NASHVILLE, TN - Leaders from federal, state, and local governments, the automotive industry, and electric utilities recently met in Tennessee at the Fuel Solutions Forum — soon to host what is believed to be one of the nation's largest electric vehicle charging networks — to discuss a national transition to electric transportation, according to a news release.
Sponsored by the Tennessee Valley Authority (TVA), a public utility and electricity provider, the forum addressed electricity as a transportation fuel, with an emphasis on education and strategy to help consumers, communities, and industry achieve "plug-in readiness."
A major focus for forum was the plan for Tennessee to have one of the nation's largest systems for this technology by 2013. This is largely due to TVA's key role in The EV Project, an approximately $230 million public-private initiative established last year with a $114.8 million grant from the Department of Energy, funded under the American Recovery and Reinvestment Act. The project involves 16 cities in six states and the District of Columbia and is the largest electric vehicle rollout to date.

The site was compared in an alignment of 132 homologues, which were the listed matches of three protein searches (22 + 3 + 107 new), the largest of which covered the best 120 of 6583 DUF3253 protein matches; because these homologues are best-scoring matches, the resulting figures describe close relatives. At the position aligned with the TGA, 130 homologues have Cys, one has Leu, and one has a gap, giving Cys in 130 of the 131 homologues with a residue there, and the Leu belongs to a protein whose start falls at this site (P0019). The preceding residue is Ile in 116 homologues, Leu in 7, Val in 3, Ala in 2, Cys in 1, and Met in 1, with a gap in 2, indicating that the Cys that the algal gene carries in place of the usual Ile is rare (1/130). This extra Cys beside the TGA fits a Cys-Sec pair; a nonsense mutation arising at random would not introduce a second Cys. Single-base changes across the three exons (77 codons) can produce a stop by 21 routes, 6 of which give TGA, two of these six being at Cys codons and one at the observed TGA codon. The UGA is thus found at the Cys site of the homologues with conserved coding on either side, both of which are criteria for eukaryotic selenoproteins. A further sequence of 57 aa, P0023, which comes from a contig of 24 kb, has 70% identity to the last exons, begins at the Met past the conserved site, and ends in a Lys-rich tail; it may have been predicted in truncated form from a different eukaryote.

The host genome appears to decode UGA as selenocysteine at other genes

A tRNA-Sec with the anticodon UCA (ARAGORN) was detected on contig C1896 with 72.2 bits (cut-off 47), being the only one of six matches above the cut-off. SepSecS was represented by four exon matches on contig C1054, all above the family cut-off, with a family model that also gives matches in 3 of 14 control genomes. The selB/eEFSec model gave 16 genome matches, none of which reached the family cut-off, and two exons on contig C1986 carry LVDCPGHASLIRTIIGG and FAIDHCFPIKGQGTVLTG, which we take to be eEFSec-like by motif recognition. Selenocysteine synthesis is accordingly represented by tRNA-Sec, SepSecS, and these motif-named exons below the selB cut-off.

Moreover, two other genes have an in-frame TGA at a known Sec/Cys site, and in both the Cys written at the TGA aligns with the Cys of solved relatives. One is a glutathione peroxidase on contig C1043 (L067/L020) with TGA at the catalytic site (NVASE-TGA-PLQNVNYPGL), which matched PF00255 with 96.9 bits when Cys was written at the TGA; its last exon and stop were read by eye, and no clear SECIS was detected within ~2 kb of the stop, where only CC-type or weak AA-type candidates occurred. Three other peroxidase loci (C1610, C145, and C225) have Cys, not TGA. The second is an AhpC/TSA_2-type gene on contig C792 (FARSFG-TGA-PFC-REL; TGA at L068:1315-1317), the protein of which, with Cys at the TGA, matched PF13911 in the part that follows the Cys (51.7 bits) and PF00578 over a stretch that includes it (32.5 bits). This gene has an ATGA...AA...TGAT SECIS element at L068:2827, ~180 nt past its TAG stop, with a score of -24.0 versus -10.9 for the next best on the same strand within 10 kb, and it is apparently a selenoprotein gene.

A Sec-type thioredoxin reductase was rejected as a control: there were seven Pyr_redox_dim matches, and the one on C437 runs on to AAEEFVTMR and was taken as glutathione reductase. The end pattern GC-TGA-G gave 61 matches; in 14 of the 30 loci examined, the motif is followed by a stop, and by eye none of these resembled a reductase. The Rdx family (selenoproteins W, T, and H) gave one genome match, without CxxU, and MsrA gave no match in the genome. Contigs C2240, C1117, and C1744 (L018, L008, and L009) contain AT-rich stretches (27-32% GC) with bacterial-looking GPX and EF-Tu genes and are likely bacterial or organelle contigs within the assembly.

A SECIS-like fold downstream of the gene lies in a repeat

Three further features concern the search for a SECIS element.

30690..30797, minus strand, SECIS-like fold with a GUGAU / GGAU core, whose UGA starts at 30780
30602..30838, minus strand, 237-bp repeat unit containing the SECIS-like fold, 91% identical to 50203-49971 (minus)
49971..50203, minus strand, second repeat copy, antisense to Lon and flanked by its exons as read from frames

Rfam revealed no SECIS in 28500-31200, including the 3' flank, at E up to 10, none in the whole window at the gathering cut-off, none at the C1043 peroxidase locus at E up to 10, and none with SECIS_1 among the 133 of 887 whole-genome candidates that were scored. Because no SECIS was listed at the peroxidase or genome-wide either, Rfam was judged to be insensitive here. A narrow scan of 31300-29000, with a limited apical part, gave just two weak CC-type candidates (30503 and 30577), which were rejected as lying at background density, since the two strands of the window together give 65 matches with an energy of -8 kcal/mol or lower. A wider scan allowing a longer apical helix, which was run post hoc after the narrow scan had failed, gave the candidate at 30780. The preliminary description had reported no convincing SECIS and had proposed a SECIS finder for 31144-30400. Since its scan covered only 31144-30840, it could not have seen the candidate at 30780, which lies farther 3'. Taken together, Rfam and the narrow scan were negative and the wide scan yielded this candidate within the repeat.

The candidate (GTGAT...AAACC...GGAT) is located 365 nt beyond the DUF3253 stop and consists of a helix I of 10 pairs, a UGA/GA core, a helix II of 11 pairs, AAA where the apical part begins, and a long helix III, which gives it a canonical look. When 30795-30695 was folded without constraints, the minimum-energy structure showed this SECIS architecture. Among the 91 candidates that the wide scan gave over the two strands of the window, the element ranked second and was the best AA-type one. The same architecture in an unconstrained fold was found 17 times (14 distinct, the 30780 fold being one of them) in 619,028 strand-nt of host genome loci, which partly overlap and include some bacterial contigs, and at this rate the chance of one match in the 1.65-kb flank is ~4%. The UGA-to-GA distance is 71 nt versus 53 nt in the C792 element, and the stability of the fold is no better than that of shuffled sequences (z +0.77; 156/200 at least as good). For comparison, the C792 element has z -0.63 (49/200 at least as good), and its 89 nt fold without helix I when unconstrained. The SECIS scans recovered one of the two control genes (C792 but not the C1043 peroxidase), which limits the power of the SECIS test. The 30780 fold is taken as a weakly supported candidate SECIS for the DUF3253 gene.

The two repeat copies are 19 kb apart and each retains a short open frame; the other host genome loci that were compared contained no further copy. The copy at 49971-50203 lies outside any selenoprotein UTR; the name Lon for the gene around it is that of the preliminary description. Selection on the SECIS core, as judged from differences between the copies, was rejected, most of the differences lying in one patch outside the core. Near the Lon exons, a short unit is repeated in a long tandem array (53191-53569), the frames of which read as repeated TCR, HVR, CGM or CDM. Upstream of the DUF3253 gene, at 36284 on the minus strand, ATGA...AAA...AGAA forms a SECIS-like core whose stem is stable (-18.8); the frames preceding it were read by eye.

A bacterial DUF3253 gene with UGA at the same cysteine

Under the EV Project, managed by ECOtality North America, the Nashville-Knoxville-Chattanooga corridor will serve as a national pilot for connecting three metropolitan areas with an electric vehicle charging network. The Tennessee project also will include infrastructure for 1,000 Nissan Leaf plug-in electric cars, more than 2,200 standard charging stations, 60 fast-charging stations and 125 solar-assisted charging stations — more than any other area in the nation to date, according to the release.